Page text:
The Docmode issue is quite the exception and deserves its own paragraph. Internet Explorer tries to support old and broken websites come what may. Some of these websites run only in old versions of the browser. In order to display those sites correctly, Internet Explorer 11 is being instructed to behave as if it was Internet Explorer 8. This can be enforced using the following header:

X-UA-Compatible: IE=8

But this leads to the browser being vulnerable to old vulnerabilities. Because the Docmode is inherited by the parent frame, Internet Explorer can be instructed to display a current site using an old Docmode. An example of a framed site with old, vulnerable Docmode:

<!DOCTYPE html PUBLIC "-//W3C//DTD XHTML 1.0 Transitional//EN" "">
<html xmlns="">
    <title>Test Layout</title>
	<meta http-equiv="X-UA-Compatible" content="IE=8" />
    <style type="text/css">
      body, html
          margin: 0; padding: 0; height: 100%; overflow: hidden;
          position:absolute; left: 0; right: 0; bottom: 0; top: 0px;
    <div id="content">
      <iframe width="100%" height="100%" frameborder="0" src="http://domain-without-xfo-header.tld" />

Therefore, the X-Frame-Options header is one of the most important headers at the moment. For those asking if this problem persists in Microsoft Edge, the answer is a definite Yesnomaybe. On one hand, Edge doesn’t support old Docmodes anymore. But it wouldn’t be Microsoft if the solution didn’t come with some kind of catch. Because on the other hand, Edge suggests to users to open pages using old Docmode headers in Internet Explorer.

Framing should be forbidden using

X-Frame-Options: DENY

or at the very most allow itself using the following header:

X-Frame-Options: SAMEORIGIN

This header is being succeeded by the CSP policy frame-ancestors. Until this has happened, though, it is suggested to set both.


It is complicated, but very powerful, to set the Content-Security-Policy (CSP) Header. In this header, a guideline can be defined as to which sources are allowed to be used. This means that when embedding scripts, only the scripts on your own server or from external sources or only specific external hosts are being embedded. Currently, work is being done on the Content Security Policy 2.0 W3C Candidate Recommendation.

Experimental implementations use the names X-WebKit-CSP and X-Content-Security-Policy. Microsoft Internet Explorer has not quite made the jump and still uses X-Content-Security-Policy, as opposed to all other browsers. Luckily, Microsoft has seen the way in their new browser Edge and realized that standards are standards for a reason and support the usual CSP header. According to Can I use, the CSP header is supported by 80 per cent of all browsers in the world.

All possible options:

There are two options that should be looked at from the get go: default-src and report-uri. Basically, default-src should be as restrictive as possible.

Keywords for this are

It is self-explanatory that unsafe-inline and unsafe-eval are insecure and therefore should not be used.

report-uri indicates where transgressions of the guidelines are being sent in order for evaluation of their breaking points. In order to not have unavailable services during potential adjustments of unsafe web elements, it is recommended to start with Content-Security-Policy-Report-Only.

Content-Security-Policy-Report-Only: default-src 'none'; script-src 'self'; connect-src 'self'; img-src 'self'; style-src 'self'; frame-ancestors 'none'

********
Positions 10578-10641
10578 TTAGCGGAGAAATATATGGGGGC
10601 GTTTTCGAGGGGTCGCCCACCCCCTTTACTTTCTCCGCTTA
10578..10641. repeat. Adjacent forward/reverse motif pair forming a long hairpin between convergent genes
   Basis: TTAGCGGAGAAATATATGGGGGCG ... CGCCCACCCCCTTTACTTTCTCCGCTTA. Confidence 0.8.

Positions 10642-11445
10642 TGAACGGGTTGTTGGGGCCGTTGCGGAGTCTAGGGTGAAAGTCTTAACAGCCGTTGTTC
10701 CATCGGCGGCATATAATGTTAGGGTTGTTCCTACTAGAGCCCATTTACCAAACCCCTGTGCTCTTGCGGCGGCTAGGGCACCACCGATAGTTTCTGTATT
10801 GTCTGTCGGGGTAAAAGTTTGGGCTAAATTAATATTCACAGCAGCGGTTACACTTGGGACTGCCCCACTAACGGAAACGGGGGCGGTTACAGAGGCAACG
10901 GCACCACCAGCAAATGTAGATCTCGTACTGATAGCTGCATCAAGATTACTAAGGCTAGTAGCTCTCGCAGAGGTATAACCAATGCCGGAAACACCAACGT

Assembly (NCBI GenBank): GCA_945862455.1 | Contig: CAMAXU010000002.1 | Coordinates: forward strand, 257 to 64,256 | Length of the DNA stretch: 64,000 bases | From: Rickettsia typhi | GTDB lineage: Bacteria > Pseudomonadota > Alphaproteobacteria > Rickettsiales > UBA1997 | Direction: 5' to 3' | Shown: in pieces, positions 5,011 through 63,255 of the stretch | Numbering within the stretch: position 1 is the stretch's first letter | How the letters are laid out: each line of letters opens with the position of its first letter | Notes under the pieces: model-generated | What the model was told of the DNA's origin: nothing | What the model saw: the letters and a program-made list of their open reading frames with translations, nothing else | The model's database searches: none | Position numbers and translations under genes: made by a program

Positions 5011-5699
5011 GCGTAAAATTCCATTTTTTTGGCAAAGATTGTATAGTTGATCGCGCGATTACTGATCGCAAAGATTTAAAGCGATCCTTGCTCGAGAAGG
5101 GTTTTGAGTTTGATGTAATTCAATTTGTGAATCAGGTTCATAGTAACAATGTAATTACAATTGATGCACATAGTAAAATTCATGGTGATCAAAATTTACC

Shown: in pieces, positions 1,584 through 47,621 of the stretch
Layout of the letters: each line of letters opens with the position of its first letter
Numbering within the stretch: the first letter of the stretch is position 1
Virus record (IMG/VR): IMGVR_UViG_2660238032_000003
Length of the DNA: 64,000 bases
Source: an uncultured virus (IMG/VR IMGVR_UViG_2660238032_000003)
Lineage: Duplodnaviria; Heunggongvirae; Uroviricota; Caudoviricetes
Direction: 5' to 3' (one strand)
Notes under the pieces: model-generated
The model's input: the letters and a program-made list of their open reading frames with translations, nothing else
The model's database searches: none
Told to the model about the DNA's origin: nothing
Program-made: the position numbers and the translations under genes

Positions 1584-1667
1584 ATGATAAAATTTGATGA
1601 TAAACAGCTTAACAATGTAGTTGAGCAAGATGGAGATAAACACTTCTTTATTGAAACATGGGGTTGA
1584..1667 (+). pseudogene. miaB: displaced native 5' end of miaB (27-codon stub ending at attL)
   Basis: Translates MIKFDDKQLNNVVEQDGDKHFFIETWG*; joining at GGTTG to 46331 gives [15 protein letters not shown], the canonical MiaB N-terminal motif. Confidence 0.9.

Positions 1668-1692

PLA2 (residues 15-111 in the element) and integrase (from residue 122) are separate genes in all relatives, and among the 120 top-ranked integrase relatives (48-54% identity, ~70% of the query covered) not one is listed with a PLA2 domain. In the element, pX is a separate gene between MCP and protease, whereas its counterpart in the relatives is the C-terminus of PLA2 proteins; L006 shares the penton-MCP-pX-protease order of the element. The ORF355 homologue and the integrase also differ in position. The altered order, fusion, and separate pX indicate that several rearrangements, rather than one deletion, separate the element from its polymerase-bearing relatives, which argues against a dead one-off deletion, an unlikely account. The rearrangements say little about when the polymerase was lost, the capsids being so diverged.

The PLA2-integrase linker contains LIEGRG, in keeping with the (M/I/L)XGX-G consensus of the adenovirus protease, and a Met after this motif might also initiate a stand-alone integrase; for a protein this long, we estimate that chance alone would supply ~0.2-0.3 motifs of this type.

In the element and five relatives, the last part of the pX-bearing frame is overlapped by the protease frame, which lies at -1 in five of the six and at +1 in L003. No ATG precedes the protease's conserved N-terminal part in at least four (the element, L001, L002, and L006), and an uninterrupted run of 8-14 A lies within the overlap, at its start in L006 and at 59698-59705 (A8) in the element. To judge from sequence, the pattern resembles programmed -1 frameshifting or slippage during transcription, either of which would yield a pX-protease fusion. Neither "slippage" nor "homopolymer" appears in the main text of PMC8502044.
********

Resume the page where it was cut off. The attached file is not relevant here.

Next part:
If you don’t want to use your own report-uri in the beginning, there’s the one offered by REPORT URI.

With a solid starting point the guidelines can either be loosened by necessity or the website can be corrected. Twitter, as one of the early adopters of CSP on their website, have published a report.

CSP Bypasses and Header Injections have become increasingly rare over the course of the past six years so that the effort of the configuring the CSP pays off. It is recommended to have a look at the Content Security Policy Quick Reference Guide. It contains further information regarding the header and of its configuration. It also pays off to read the CSP Cheat Sheet by security consultant Scott Helme.

Current Situation

The situation on the Internet (data collected using Shodan) looks as follows when looking at security headers:

All values are given in percent. They are drawn from the complete traffic in the entire row. The first cell states that 0.95% of all websites in the world have set the Strict-Transport-Security header on Port 443.

Land und PortStrict-Transport-SecurityXFO DenyXFO SameoriginPublic-Key-PinningContent-TypeX-Xss-ProtectionX-Content-Type-OptionsContent-Security-Policy
80/tcp 0.17691.7509 25.15150.72830.40580.0233
80/tcp 0.16541.1788 36.83490.51550.63620.1272
80/tcp 0.11572.2089 32.30210.81620.50670.0553

There are two conclusions that can be reached from this.

  1. Hardly anyone seems to bother with security headers, despite the fact that some of them are really easy to set up. The positive exception here is Content-Type with charset. It is being used on more than a quarter of all websites.
  2. Switzerland and Germany don’t look too shabby when compared to the rest of the world.

Home Sweet Home

To check your own headers is even easier than to set them. A website that automatically tests them for you is, for example, The site is a good indicator but note that the site can’t deliver a complete analysis of the CSP headers. What happens when the CSP configuration is not done correctly can be found in @filedescriptor’s blog post.

There are more relevant security headers. More about this can be found in the article titled Big Brother or: How I Learned to Stop Worrying and Love Encryption.

About the Author

Veit Hailperin

Veit Hailperin has been working in information security since 2010. His research focuses on network and application layer security and the protection of privacy. He presents his findings at conferences.